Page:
He told the BBC: ‘The guidance is not totally clear and it’s tricky for businesses, having to make up their own rules. It now comes down to leadership teams like myself to come up with the right requirements for staff.’
A Government spokesperson said: ‘Employers still have a duty of care to their staff, so they should take steps to prevent infection in the workplace, meaning if someone is displaying Covid-19 symptoms or has tested positive, they should be considered sick and stay at home to avoid contact with others.
‘We recognise the impact rising costs will have on businesses of all sizes and we have backed businesses throughout the pandemic with an unprecedented package of support including VAT cuts, business rates holidays and government backed loans worth around £400billion.’
NHS leaders and experts have been calling for the return of Covid curbs including masks and outdoor mixing.
Daily data shows 27,283 cases were logged in England on Thursday, the most up to date figures, while 4,196 were detected in Scotland, 338 in Wales and 791 in Northern Ireland.
However, experts warn the daily figures are now almost meaningless because they rely entirely on people coming forward for tests. MPs have called for the end of the constant updates.
And there were 1,958 admissions across the UK on Sunday, down 13.9 per cent from the 2,274 people who sought NHS care seven days earlier.
Some 19,028 infected patients were in hospital beds yesterday morning, down from 20,498 a week ago.
Official figures suggest around half of the tally are so-called incidental admissions, meaning they are primarily in hospital for another reason.
Daily deaths continued to creep upwards, with an average of 283 per day logged in the last week.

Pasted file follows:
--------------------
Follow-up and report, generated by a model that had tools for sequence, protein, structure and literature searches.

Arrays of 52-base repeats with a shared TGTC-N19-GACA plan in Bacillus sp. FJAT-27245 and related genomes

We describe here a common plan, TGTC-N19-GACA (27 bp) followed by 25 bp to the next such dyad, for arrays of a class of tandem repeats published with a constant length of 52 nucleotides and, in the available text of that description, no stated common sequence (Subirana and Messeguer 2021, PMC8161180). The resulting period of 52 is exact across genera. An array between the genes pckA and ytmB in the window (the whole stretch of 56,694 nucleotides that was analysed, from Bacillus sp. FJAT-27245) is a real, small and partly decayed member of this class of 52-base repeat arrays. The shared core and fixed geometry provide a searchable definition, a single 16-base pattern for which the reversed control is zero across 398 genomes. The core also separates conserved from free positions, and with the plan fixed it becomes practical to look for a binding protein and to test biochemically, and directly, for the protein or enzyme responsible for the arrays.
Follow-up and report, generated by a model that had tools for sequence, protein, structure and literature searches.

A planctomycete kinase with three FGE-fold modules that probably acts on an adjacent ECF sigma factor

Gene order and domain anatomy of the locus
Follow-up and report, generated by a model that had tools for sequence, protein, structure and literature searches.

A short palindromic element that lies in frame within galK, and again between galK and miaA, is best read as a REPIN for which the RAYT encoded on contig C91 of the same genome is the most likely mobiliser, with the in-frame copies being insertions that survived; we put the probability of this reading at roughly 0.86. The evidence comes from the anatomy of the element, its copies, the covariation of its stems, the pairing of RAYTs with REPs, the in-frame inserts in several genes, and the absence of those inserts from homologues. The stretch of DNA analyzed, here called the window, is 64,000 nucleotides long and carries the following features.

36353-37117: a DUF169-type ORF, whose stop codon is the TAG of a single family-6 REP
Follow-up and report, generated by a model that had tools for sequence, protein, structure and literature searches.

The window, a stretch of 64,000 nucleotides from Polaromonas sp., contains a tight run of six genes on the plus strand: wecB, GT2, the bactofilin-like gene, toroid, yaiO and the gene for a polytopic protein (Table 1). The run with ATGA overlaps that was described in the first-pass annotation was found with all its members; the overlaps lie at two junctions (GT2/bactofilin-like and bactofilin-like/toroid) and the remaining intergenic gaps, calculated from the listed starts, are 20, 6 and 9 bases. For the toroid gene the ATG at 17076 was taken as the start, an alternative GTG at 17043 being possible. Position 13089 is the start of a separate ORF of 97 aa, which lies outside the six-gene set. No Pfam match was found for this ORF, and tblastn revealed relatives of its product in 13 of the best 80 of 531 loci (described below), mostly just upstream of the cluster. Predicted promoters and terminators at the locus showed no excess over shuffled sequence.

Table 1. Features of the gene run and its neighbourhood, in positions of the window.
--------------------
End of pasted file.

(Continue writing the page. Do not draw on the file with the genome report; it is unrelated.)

Commuters arrive at London Bridge station, in central London, February 14, 2022
Just two days a week in the office for civil servants: Our investigation reveals thousands of mandarins are allowed to WFH indefinitely
Tens of thousands of civil servants are being allowed to carry on working from home indefinitely.
Despite being urged by ministers to get back to the office for the sake of the economy, mandarins have quietly instituted permanent ‘hybrid working’.
A Daily Mail investigation found that staff are required to spend as little as 40 per cent of their working week in the office.
Public sector offices around the country are still virtually empty, with only a handful of employees clocking in – months after lockdown restrictions were axed.
The Mail’s audit found that on a typical Monday in the middle of March, many publicly-funded bodies had less than 10 per cent of their staff in work. Some had under 5 per cent – and one had none at all.
But the figure encompasses all people dying ‘with’ the virus rather than just those whose death was caused by it. This means large numbers could be so-called ‘incidentals’ due to the virus’s high prevalence.
It comes as the ONS survey suggests virus prevalence fell in Scotland and Northern Ireland, as well as in England, and flattened off in Wales, in a sign that the outbreak is peaking across the UK.
In Wales, an estimated 231,900 people had the virus (the equivalent of one in 13), while in Northern Ireland it was 95,900 (one in 19). The ONS also estimated that 314,800 Scots likely had the disease in the same time period (one in 17).
The ONS report found a total of 3,773,800 people in England had the virus between April 3 to April 9, down 8.8 per cent from 4,141,600 in the week ending April 2.
Broken down, rates are falling or flattening in every region of England – except the North East where they are still rising.
The percentage of people testing positive has decreased in all age groups except those in school Year 7 to school Year 11 and those aged 70 years and over, for which the trend was uncertain.
For Wales, rates have generally increased for those aged around 40 years and over while the trend is uncertain among younger adults and children.
In Northern Ireland, they have been falling in recent weeks for younger adults and children, while the trend is uncertain for older adults. In Scotland, rates have generally decreased among all ages in recent weeks.
The NHS Confederation warned earlier this week that messaging encouraging masks in crowded places and limits on meeting others indoors were needed to fight the virus, claiming this Easter would be ‘as bad as any winter’ for hospitals.